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Slow Delivery, Cold Food Top Food Delivery Complaints

Slow Delivery, Cold Food Top Food Delivery Complaints
Slow Delivery, Cold Food Top Food Delivery Complaints

Food delivery apps make dining in more convenient than ever, but slow delivery, cold food and drivers who secretly sample some of the items can all put a damper on the experience, a new survey shows.

Food service distributor US Foods sought to gain insight into the food delivery landscape by surveying 1,518 adults who have used a delivery app at least once, along with 497 adults who have delivered food for an app-based service at some point.

One thing they learned is that those who use food delivery apps use them frequently. In fact, the average delivery app user has two different apps and uses them three times each month, the survey found. The most popular food delivery app, according to the study, was Uber Eats, followed in order by Grubhub, DoorDash and Postmates.

While many consumers have embraced the idea of using an app to get their meals brought to them, they will only wait for so long. The largest percentage of respondents — 31% — said 30 minutes was the longest they would wait for food to be delivered, followed by 27% who would be willing to wait 40 minutes. Meanwhile, 23% were OK with waiting an hour or more, and 7% said they would only wait a maximum of 20 minutes.

Customers fear cold, partly-eaten food

The top frustration among delivery app users was that food is not always delivered warm or fresh, a complaint cited by 17% of respondents; that was similar to the 16% who were critical of the fact that food was delivered late. Among other issues, 12% griped about incorrect orders or restaurants ignoring special instructions, 11% were irritated by inconsistent prices, 10% were bothered by food getting shaken around during delivery, and 9% were annoyed by inconsistent or limited menus.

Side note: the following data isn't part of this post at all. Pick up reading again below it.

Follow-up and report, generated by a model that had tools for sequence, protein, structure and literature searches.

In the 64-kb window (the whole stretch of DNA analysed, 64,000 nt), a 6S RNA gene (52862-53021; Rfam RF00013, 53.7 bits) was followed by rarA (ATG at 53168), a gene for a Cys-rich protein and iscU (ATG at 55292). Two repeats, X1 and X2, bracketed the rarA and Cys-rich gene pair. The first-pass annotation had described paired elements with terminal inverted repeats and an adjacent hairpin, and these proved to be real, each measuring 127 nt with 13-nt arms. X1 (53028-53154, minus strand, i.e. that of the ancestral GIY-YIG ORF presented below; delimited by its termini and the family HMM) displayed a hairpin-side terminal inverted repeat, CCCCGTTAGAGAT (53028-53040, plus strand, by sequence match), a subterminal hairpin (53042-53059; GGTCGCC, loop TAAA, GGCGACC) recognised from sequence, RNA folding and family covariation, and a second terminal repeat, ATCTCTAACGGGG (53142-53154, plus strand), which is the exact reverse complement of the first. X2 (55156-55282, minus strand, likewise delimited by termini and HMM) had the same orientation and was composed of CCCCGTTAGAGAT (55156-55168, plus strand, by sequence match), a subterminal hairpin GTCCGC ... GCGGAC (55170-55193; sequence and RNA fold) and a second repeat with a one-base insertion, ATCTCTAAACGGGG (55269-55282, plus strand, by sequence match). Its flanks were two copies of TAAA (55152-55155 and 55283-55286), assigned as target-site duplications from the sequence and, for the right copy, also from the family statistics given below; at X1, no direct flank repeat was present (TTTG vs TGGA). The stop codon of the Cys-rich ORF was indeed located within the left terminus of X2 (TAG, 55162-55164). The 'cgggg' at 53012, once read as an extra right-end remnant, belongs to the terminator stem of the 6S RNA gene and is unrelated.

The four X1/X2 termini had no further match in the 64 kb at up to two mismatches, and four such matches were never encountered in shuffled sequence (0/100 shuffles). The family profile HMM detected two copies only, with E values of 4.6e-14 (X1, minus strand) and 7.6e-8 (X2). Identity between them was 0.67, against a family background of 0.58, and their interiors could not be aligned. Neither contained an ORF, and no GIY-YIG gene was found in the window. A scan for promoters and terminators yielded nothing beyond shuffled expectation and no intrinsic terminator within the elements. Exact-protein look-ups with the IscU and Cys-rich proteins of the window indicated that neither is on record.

Another concern among some customers had to do with the lack of control they have over the delivery person’s behavior. Specifically, 21% of consumers surveyed said they have suspected a delivery person of eating some of their food.

Their suspicion may not be too far-fetched, though, as more than a quarter — 28% — of deliverers admitted that they have taken some of a customer’s food in the past. To prevent that from happening, an overwhelming 85% of consumer respondents said they would prefer it if restaurants put delivery food in tamper-proof containers.

How much is food delivery worth?

The survey also suggested consumers have their limits on how much they will pay. Approximately 37% said the most they would pay for the delivery fee, any other service fees and a tip combined is $6 to $10. At the same time, 35% would only pay $5 or less, and 28% would spend between $11 and $15. When it comes to the tip alone, respondents on average considered $4 to be appropriate.

While the convenience of using food delivery apps can be tempting, make sure you’re budgeting for it. A good practice it to track how often you use these services, since you may be spending more on having food brought in than you think.

You might also want to compare what you’re spending on food delivery to the amount you’d likely spend on food if you bought groceries and cooked on your own. And if you are going to dine out frequently (or regularly get restaurant food delivered), your money may go further if you take advantage of a credit card that offers rewards for doing so — just make sure you pay off the entire balance each month.